Ken Goldstein, MPPA

Ken Goldstein has been working in nonprofits and local government agencies from Santa Cruz, to Sacramento, and back to Silicon Valley, since 1989. He's been staff, volunteer, board member, executive director, and, since 2003, a consultant to local nonprofit organizations. For more on Ken's background, click here. If you are interested in retaining Ken's services, you may contact him at ken at

Wednesday, June 21, 2006

Joining a Nonprofit Board of Directors: The Why and How of It

(This is another older article that I'm posting to the blog to add it to the archives. This one was written for the January 2004 edition of "The Learning Curve" - The monthly newsletter of the Silicon Valley Chapter of ASTD (American Society for Training and Development).

Perhaps you have had some experience giving your time and efforts to local nonprofit organizations, but find something lacking in the experience. Perhaps you are looking to add a leadership component to your volunteer activities and resume. This article will introduce you to a higher level of community involvement: joining a nonprofit Board of Directors.

As a director you are responsible for setting the organization's mission and guiding it in accomplishing its vision. Legally speaking, you are also the public's eye on the organization, ensuring that it is managed in a fiscally sound manner, and that all funds are used for charitable or educational purposes.

Rewards of Service

These are serious tasks, but Board service also brings with it many rewards. You will have the opportunity to use your special knowledge - be it in marketing, finance, or event planning - in a manner that will help shape the organization for years to come. You will also meet new people who share your interests, since you signed up for the same cause, and earn a true sense of making a difference in your community.

As a Board member you will be asked to participate in some sort of fundraising activity. This scares many people away - we are all a bit nervous about having to ask our friends and family for money - but it needn't be frightening. Your participation could be through inviting people to the annual dinner, or in some other way that eases "the ask."

It's Not About Money

The most important thing to remember in the fundraising role is to concentrate on why you support the organization and not to worry about the money. I have served on the board of a local adoption and foster family agency. I love to tell people about what a great job they do with hard-to-place kids who have been through the family court system and need special assistance, but I never mention money.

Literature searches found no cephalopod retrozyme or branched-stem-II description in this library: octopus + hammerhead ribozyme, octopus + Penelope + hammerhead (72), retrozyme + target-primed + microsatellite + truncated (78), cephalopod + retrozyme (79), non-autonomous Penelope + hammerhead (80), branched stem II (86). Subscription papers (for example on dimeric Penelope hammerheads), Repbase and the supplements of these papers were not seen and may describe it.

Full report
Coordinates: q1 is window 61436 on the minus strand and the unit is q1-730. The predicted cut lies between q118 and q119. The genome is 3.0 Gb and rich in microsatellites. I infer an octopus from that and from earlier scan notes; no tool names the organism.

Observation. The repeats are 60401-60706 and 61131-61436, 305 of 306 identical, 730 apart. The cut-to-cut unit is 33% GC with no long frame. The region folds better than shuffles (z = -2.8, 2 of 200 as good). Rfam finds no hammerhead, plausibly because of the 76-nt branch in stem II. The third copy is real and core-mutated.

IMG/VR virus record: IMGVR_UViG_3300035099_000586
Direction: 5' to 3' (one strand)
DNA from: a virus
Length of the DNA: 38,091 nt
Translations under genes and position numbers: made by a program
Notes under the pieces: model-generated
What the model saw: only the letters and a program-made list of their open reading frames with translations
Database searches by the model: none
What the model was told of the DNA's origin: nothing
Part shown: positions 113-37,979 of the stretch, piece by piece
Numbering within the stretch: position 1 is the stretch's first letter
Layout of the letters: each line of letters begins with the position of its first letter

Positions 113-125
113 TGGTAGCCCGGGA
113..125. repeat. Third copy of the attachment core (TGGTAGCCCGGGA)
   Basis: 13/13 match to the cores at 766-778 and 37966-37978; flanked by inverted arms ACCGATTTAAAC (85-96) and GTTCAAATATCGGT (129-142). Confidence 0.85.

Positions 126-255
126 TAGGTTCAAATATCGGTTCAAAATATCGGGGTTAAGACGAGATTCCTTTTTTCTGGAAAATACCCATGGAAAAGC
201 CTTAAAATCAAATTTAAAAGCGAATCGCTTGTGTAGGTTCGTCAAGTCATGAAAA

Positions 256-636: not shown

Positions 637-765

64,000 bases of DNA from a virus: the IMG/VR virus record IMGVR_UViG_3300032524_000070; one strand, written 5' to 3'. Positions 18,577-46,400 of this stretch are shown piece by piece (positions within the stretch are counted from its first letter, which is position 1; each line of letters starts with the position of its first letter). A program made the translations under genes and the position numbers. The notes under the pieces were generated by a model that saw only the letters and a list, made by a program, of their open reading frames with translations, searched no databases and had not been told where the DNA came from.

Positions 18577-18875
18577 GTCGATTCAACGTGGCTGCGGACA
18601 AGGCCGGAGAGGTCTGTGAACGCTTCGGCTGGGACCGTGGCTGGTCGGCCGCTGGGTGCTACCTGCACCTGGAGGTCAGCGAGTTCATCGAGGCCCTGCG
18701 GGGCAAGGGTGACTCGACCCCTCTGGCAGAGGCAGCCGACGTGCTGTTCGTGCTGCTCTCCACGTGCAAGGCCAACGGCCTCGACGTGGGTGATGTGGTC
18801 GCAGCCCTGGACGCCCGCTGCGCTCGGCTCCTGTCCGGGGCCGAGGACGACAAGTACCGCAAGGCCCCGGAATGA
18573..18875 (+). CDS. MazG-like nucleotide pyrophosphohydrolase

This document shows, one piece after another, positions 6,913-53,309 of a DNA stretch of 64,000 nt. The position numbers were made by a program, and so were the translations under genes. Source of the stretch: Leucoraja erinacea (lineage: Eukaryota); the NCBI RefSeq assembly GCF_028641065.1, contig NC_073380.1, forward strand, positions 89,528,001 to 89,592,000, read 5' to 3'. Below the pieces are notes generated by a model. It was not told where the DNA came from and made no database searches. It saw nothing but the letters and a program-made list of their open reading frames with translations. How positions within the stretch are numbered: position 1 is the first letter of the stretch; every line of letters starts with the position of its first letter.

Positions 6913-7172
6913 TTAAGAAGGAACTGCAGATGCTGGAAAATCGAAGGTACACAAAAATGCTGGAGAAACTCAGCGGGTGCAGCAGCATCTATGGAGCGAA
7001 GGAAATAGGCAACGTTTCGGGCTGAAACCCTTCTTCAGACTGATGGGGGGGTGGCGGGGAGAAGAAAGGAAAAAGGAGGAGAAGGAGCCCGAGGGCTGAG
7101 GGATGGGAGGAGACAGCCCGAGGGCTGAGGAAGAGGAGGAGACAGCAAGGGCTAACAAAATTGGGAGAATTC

While buying my house a couple of years ago, I talked enthusiastically about this organization to my realtor. A couple of months later, she told me that her company wanted to start a grant program and was asking each office to recommend a charity. We were invited to give a presentation that resulted in a $20,000 donation to my organization. This happened because I shared my enthusiasm for the cause first and let the money follow.

First Steps

To find Board opportunities, begin with asking at the organizations you are already involved with, then turn to your professional network to get other recommendations. Your local Volunteer Center may also be aware of boards that are recruiting new members. Typically, the Executive Director and the Board Chair will want to interview you. Use this as an opportunity to ask about the organization. Don't be shy here; as a Director you will be expected to ask probing questions and demonstrate your responsibility.

Assuming the interview goes well, you may have a site visit, then be invited to sit in on a Board meeting. After that, the Board will formally vote on your membership. Be aware that if the Board you are interested in only meets quarterly, there could be a lag of several months between your interview and when you are officially a member. Use this time to step up your volunteer involvement and learn more about the group.

Once on Board

The primary role of the Board of Directors, and the reason why the IRS requires nonprofits to have a Board, is governance. That means that you represent the public in making sure that the organization lives up to its mission and is deserving of tax-exempt status.

You will be reviewing annual budgets, making sure the agency has a sustainable income, and watching that it doesn't spend beyond its means. Additionally, the Board is responsible for hiring and supervising the Chief Executive, and conducting his or her annual performance review.

While these are important and necessary tasks, Board service also offers opportunity for leadership, creativity, and fun. You will be able to help with fundraising ideas and events, brainstorming ways to better serve your community, and know that your involvement is helping a cause you care about in a very real way.


If you are looking for opportunities for professional development, experience with team building and decision-making, and a way to make a long-term difference in your community, joining a nonprofit Board of Directors may be for you. Board membership is a great resume builder that also offers great personal and professional rewards.

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